This page provides answers to the following questions:
- I had an accident at work. How do I file a workers compensation claim in my state?
- Should my employer have workers compensation insurance? How do I know I am covered?
- What are the conditions that enable me or prevent me from claiming benefits under my state's law?
- What benefits might I be eligible to receive?
- How much time do I have to file my claim? What are the stages of the claim process? What should I expect?
- If I'm not happy with the determination, how do I appeal?
1. I had an accident at work. How do I file a workers compensation claim in my state?
If you are involved with a work-related accident, you should notify your supervisor as soon as possible with all of the details about what happened. You may seek the appropriate medical attention to treat any possible injuries you may have. The treating physician in this circumstance will become your main physician for purposes of receiving compensated medical treatment. Any subsequent physicians you may see must be within the same network as the initial treating physician or must be made upon that physician's referral. Notify the doctor or doctors involved that your injuries or condition have been the result of a work-related accident.
Your employer must submit all forms and information regarding your injury to the insurance provider on the Tennessee Employer's First Report of Injury or Illness (Form C-20) within one (1) working day of knowledge of your injury or illness.
The insurance provider is then expected to contact you and your employer within two (2) working days to get more information regarding the nature of your accident and injury. The insurance provider will use this information to either accept or deny liability for your accident. This determination must be made within fifteen (15) days of notice of your injury.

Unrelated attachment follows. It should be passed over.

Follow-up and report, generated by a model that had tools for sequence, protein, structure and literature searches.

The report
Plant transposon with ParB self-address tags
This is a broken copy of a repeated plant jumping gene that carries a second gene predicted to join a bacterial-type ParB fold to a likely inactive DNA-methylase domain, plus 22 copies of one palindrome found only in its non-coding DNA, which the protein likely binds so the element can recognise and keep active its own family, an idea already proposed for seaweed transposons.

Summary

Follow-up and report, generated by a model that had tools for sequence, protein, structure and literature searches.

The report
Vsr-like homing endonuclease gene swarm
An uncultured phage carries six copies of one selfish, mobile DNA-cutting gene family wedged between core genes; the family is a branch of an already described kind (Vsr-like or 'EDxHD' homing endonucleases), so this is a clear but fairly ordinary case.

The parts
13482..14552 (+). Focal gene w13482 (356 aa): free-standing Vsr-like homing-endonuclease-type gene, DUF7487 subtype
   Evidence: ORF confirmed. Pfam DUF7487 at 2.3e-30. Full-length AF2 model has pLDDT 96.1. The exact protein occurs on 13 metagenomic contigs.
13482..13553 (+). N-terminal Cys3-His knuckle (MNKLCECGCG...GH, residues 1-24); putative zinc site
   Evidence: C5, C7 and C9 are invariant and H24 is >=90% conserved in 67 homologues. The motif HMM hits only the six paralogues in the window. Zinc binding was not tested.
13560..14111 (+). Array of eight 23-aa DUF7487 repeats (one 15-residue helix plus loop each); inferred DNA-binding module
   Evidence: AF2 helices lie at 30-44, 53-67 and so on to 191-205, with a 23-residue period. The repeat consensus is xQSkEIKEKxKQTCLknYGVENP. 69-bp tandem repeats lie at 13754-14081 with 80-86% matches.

2. Should my employer have workers compensation insurance? How do I know if I am covered?
Your employer may choose to be self-insured or purchase a workers' compensation insurance coverage policy.
3. What are the conditions that enable me or prevent me from claiming benefits under my state's law?
Timeliness in filing requirements and keeping an accurate and detailed record of all filings and medical bills and history are essential to filing a successful claim.
4. What benefits might I be eligible to receive?
You may file for a number of benefits in regards to your injury; however, these benefits may be subject to certain filing requirements and/or conditions to be met that may alter whether or not you will be entitled to receive them. The types of benefits you may be entitled to include the following:
- Medical Benefits: Payments of all reasonable and necessary medical treatment required for the care of your injury.
- Temporary Total Disability Benefits: wage compensation benefits for days you were unable to go to work as a result of your injury. These are payments made to you should your treating physician determine you are unable to return to work for a period of seven (7) or more days. You will receive roughly two-thirds of your average weekly earnings.
- Permanent Disability Benefits: Upon the determination by your treating physician that you have reached maximum medical improvement, your claims adjuster will review your file to determine whether your case warrants the payment of Permanent Disability Benefits.
- Scheduled Injuries: Payment for loss of impairment to a certain body part set for a maximum duration of time.
- Death Benefits: If your injury result in your death, your dependents may be entitled to certain benefits. Your dependents may file a claim as a result of your death by contacting your personnel officer or the State Administrator, Sedgwick (1-800-526-2305) to begin the process.
5. How much time do I have to file my claim? What are the stages of the claims process? What should I expect?
You request a Benefit Review Conference with the Department of Labor and Workforce Development within one year of the date or your injury or one year from the date your employer paid your last disability or medical bills. If you are unable to reach a settlement after the Benefit Review Conference has been held, you may choose to file an appeal to the Tennessee Claims Commission. This will lead to a hearings process where each side will be able to present its version of the issue at hand. At this hearing, a commissioner will make a determination regarding the case.
6. If I am not happy with the determination, how do I appeal?
If you remain unsatisfied with the determination of your claim, you may appeal the decision to the Tennessee Supreme Court. All applicable court rules and procedures will apply.